Mount Sinai asks judge to reject attempt to block Beth Israel closure

New York City-based Mount Sinai has filed a motion asking a judge to deny a preliminary injunction that would keep Beth Israel Hospital open past its planned July 12 closure date. 

A Mount Sinai spokesperson told Becker's in a statement that closing the hospital "is not a choice but a deeply unfortunate necessity. We look forward to presenting these facts in court.”

The health system announced its decision to close Beth Israel in September and the following month proposed a July 12 closure date. Mount Sinai made the decision to close the hospital despite "massive investments and upgrades" within the past 10 years. The system said escalating losses and chronic underutilization with inpatient use typically at only 20 percent of capacity forced the issue. 

A lawsuit led by Community Coalition to Save Beth Israel Hospital was filed in February alleging the planned shutdown goes against New York's public health law, health department rules, the state constitution, human rights laws of the state and city, and the state Environmental Quality Review Act. The suit also alleges that Beth Israel and New York Eye and Ear Infirmary were financially healthy until Mount Sinai took over in 2013 by merging with Continuum Health Partners. Despite promising better care, Mount Sinai closed profitable units at Mount Sinai Beth Israel, such as labor and delivery and neonatal intensive care, and almost all ENT services at New York Eye and Ear Infirmary, according to the suit.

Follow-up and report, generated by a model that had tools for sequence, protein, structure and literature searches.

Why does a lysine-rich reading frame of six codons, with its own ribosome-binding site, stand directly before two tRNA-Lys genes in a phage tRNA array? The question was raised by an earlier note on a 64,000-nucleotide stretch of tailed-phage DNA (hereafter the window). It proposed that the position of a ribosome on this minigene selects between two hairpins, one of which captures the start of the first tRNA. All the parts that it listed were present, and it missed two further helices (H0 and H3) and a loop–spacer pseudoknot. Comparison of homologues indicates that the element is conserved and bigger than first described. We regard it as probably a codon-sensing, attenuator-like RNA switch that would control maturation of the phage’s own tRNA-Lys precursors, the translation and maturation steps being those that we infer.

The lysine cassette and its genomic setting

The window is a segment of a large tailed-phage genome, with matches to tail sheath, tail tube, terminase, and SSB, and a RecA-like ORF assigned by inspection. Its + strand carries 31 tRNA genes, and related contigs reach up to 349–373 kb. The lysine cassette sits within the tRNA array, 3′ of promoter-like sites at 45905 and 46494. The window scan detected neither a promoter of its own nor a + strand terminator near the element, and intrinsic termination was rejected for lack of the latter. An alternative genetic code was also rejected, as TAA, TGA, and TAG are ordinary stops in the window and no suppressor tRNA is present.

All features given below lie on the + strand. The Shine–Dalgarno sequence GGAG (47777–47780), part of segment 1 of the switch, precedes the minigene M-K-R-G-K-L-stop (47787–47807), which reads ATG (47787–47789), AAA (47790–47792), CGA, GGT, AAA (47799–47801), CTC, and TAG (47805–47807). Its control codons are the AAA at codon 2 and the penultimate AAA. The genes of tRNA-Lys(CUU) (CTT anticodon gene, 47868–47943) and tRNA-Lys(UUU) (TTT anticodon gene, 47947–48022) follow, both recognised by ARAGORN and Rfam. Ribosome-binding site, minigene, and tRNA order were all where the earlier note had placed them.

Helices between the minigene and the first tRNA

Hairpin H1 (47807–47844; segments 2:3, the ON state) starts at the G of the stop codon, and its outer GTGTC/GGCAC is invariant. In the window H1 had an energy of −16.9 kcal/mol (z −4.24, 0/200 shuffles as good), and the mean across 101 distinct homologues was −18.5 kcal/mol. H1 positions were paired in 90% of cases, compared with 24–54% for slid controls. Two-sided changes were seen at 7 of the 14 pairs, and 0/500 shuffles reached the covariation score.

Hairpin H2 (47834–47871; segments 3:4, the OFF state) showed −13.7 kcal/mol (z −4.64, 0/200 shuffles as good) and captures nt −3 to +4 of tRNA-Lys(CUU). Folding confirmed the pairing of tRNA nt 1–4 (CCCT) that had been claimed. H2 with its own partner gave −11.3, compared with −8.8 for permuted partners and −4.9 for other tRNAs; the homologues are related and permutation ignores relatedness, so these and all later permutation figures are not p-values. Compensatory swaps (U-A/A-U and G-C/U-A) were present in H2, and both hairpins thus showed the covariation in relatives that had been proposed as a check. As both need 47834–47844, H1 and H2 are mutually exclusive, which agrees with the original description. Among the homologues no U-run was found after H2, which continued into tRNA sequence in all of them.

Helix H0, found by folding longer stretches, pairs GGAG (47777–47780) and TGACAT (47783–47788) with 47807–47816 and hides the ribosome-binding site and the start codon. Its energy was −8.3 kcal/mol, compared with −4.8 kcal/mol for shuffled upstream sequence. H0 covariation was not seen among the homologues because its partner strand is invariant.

The Mount Sinai statement said the system "firmly and directly reject the accusations in this suit." The statement also said Beth Israel has "not been a viable hospital for well over a decade. 

"Now, as it continues to hemorrhage staff and resources, MSBI poses an existential threat to the overall system. It is our responsibility to our staff, patients, and communities we serve across New York to do the right thing and not place the system at further risk," the statement said. "We have to be allowed to work with the state on proceeding in a responsible manner or this will have enormously adverse ripple effects across the state for how hospitals are run." 

A hearing date in the case is scheduled for April 10, court records show. 

Copyright © 2024 Becker's Healthcare. All Rights Reserved. Privacy Policy. Cookie Policy. Linking and Reprinting Policy.


Featured Whitepapers

Featured Webinars